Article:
Liabilities of directors or officers under various statutes

Income Tax Act, 1961

Under Section 179 of the Income Tax Act 1961, when any private company is wound up and the tax assessed cannot be recovered, then every person who was a director of the private company shall be jointly and severely be liable for the payment of such tax. Where the bank account of a Director was frozen for recovering income tax dues of the Company, it was held in Gurudas Hazra v. P.K.Chowdhury that it was for the Director to show that the default on the part of the company was not attributable to any breach of duty on his part.

The section lays down that where any tax due from a private company cannot be recovered, then every person who was a director at any time during the relevant previous year shall be jointly and severally liable for the payment of such tax unless he proves that the non-recovery cannot be attributed to any gross neglect, misfeasance or breach of duty on his part in relation to the affairs of the company.

This provision is not applicable to a company which is treated as public company under Section 43A of the Companies Act, 1956 in relation to tax pertaining to the period subsequent to its becoming a public company. This position was settled by Supreme Court itself.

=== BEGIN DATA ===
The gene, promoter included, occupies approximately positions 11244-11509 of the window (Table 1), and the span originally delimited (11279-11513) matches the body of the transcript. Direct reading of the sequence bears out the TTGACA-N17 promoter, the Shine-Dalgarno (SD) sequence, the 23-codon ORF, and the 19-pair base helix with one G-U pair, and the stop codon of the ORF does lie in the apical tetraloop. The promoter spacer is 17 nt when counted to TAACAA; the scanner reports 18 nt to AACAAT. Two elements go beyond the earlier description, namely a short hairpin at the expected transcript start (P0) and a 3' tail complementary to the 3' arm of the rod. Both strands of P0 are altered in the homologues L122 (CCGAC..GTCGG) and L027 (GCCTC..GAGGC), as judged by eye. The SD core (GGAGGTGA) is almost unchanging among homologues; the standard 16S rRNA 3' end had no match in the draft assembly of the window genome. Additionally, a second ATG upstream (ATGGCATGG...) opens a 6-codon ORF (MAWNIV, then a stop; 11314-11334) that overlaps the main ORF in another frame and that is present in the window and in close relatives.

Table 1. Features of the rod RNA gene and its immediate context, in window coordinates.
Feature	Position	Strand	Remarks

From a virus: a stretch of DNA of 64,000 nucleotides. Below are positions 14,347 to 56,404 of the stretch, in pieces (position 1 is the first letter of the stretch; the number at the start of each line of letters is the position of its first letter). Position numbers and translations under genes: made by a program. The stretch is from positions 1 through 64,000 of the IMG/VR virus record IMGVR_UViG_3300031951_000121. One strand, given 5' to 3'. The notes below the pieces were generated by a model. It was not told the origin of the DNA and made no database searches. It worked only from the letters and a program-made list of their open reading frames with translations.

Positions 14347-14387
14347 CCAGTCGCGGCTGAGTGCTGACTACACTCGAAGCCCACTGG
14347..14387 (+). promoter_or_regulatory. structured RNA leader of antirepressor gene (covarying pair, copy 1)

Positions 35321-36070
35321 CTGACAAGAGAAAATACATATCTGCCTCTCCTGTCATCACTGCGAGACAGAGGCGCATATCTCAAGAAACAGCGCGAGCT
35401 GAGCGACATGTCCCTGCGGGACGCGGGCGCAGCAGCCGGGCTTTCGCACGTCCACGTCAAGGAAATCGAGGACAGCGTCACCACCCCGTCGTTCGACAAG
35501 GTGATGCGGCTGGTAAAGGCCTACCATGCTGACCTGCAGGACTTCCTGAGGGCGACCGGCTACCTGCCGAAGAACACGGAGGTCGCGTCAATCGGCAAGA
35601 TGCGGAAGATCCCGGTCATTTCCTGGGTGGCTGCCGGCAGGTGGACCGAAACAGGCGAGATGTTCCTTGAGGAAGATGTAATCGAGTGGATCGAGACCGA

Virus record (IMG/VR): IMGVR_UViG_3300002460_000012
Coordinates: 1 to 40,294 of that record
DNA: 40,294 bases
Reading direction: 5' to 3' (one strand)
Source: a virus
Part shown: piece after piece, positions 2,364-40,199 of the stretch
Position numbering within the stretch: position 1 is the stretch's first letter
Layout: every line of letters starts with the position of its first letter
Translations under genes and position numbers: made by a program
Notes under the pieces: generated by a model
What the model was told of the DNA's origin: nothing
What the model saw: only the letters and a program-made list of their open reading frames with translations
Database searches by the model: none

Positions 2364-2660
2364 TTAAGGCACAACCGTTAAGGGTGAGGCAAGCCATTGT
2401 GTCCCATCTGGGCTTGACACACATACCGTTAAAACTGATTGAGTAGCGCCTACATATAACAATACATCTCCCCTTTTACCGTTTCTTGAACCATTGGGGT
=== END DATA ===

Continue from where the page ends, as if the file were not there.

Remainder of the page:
Civil Liability to the Company- Director’s liability to the Company may arise where:

(1) the directors are guilty of negligence,
(2) the directors committed breach of trust,
(3) there has been misfeasance and
(4) the director has acted ultra vires and the funds of the company have been applied for such an act.

Contractual Liability:

  • Directors are bound to use fair and reasonable diligence in discharging the duties and to act honestly, and act with such care as is reasonably expected from him, having regard to his knowledge and experience.
    In R.K. Dalmia and others v. The Delhi Administration it was held that “A director will be personally liable on a company contract when he has accepted personal liability either expressly or impliedly. Directors are the agents or the trustees of a Company.”

Express liability will usually arise only when a director has personally guaranteed the performance of a contract. Implied liability will arise when a director signs a contract for the Company or mentioning the name but failing to add the vital word “limited” or its abbreviation. This rule rests on the ordinary principle of agency that where an agent enters into a contract without disclosing that he is acting as agent he accepts personal liability. In the case of Penrose v. Martyr a bill was addressed to a company and omitted the word “Limited” in describing it. The defendant (Secretary to the Co.) signed the acceptance and was held to be personally liable by the Court of Exchequer Chamber.

Pre- Incorporation Liability-:

A Company cannot make a contract before it is incorporated because, before incorporation, it has no legal existence. Therefore, a Company after incorporation cannot ratify a contract previously made. It must make a fresh contract. But, those who act on behalf of the unincorporated company may find themselves personally liable. In Kelner v. Baxter the Court of Common Pleas held that where a person purports to sign a contract as agent, but has no principle in existence at the time, he is personally responsible.

Liability for not maintaining Books of Accounts in accordance with sec 128 of Companies Act, 2013: